Time and Performer Training addresses the importance and centrality of time and temporality to the practices, processes and conceptual thinking of performer training. Notions of time are embedded in almost every aspect of performer training, and so contributors to this book look at:

  • age/aging and children in the training context
  • how training impacts over a lifetime
  • the duration of training and the impact of training regimes over time
  • concepts of timing and the ‘right’ time
  • how time is viewed from a range of international training perspectives
  • collectives, ensembles and fashions in training, their decay or endurance.

Through focusing on time and the temporal in performer training, this book offers innovative ways of integrating research into studio practices. It also steps out beyond the more traditional places of training to open up time in relation to contested training practices that take place online, in festival spaces and in folk or amateur practices.

Ideal for both instructors and students, each section of this well-illustrated book follows a thematic structure and includes full-length chapters alongside shorter provocations. Featuring contributions from an international range of authors who draw on their backgrounds as artists, scholars and teachers, Time and Performer Training is a major step in our understanding of how time affects the preparation for performance.

part Section I|20 pages

(Re)Introducing time

chapter 1|4 pages


Embodied time
ByAnne Bogart

chapter 2|13 pages


Expansive temporalities of performer training
ByKonstantinos Thomaidis, Mark Evans, Libby Worth

part Section II|42 pages

About Time

chapter 3|15 pages


Training, time and temporality
ByMark Evans

chapter 4|5 pages

Premodern Training

A provocation
ByDavid Wiles

chapter 5|7 pages

Time in Noh Theatre Performance and Training

Conversations with Udaka Tatsushige
ByDiego Pellecchia

chapter 6|12 pages

A Materialist Feminist Perspective on Time in Actor Training

The commodity of illusion
ByEvi Stamatiou

part Section III|36 pages

On time

chapter 7|11 pages

The Ecology of a Sense of Good Timing

ByDarren Tunstall

chapter 8|3 pages

Gathering Ghosts

Lecoq’s twenty movements as a technique to mark time
ByJenny Swingler

chapter 9|10 pages


Drilling through time
ByMark Hamilton

chapter 10|10 pages

RSVP and the Timely Experience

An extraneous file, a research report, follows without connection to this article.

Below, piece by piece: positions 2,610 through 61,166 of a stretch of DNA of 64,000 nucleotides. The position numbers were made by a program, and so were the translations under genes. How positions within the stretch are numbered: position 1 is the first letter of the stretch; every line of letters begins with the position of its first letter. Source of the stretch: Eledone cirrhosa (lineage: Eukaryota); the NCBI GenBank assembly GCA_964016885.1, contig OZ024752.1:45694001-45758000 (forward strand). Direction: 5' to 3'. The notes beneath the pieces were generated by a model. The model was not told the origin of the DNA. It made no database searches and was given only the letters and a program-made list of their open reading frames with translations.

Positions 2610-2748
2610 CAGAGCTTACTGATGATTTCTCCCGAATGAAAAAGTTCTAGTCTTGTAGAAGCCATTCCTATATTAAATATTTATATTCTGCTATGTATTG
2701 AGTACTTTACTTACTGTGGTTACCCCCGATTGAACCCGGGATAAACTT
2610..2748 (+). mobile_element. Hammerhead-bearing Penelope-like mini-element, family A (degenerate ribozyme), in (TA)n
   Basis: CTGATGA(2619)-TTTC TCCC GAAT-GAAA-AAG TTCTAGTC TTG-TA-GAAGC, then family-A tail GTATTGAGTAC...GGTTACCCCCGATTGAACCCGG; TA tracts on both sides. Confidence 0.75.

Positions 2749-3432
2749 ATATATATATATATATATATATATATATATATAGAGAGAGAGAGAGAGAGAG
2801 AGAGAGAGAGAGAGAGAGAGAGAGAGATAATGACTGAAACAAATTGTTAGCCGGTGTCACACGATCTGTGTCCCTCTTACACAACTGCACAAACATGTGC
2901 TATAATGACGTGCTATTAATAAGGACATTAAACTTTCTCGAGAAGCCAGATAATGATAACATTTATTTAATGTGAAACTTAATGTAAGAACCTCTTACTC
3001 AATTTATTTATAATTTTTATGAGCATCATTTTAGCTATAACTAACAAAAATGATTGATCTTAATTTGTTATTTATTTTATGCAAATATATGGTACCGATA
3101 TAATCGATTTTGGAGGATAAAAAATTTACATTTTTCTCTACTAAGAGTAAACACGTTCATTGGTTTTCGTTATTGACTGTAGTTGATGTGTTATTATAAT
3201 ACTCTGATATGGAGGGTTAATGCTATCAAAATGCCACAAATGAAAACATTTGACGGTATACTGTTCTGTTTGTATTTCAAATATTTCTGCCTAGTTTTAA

ByGyllian Raby

part Section IV|38 pages

Over time

chapter 11|7 pages

Formative trainings in Carnatic vocal music

A three-way conversation through time
ByTim Jones

chapter 12|12 pages

Change, Continuity and Repetition

Married to the Balinese mask
ByTiffany Strawson

chapter 13|5 pages

The feeling of time

ByJennifer Jackson

chapter 14|12 pages

The Dance of Opposition

Repetition, legacy and difference in Third Theatre training
ByJane Turner, Patrick Campbell

part Section V|42 pages

Out of time

chapter 15|12 pages

Bridging Monuments

On repetition, time and articulated knowledge at The Bridge of Winds group
ByAdriana La Selva

chapter 16|15 pages

The Always-Not-Yet/Always-Already of Voice Perception

Training towards vocal presence
ByKonstantinos Thomaidis

chapter 17|6 pages

Rehearsing (Inter)Disciplinarity

Training, production practice and the 10,000-hour problem
ByLaura Vorwerg

chapter 18|7 pages

Beyond The ‘Time Capsule’

Recreating Korean narrative temporalities in pansori singing
ByChan E. Park

part Section VI|46 pages

From Time to Times

chapter 19|15 pages

Simultaneity and Asynchronicity in Performer Training

A case study of Massive Open Online Courses as training tools
ByJonathan Pitches

chapter 20|10 pages

Festival Time

ByKate Craddock

chapter 21|4 pages

Time, Friendship and ‘Collective Intimacy’

The point of view of a co-devisor from within Little Bulb Theatre
ByEugénie Pastor

chapter 22|16 pages

Time Moves

Temporal experiences in current London-based training for traditional clog and rapper sword dances
ByLibby Worth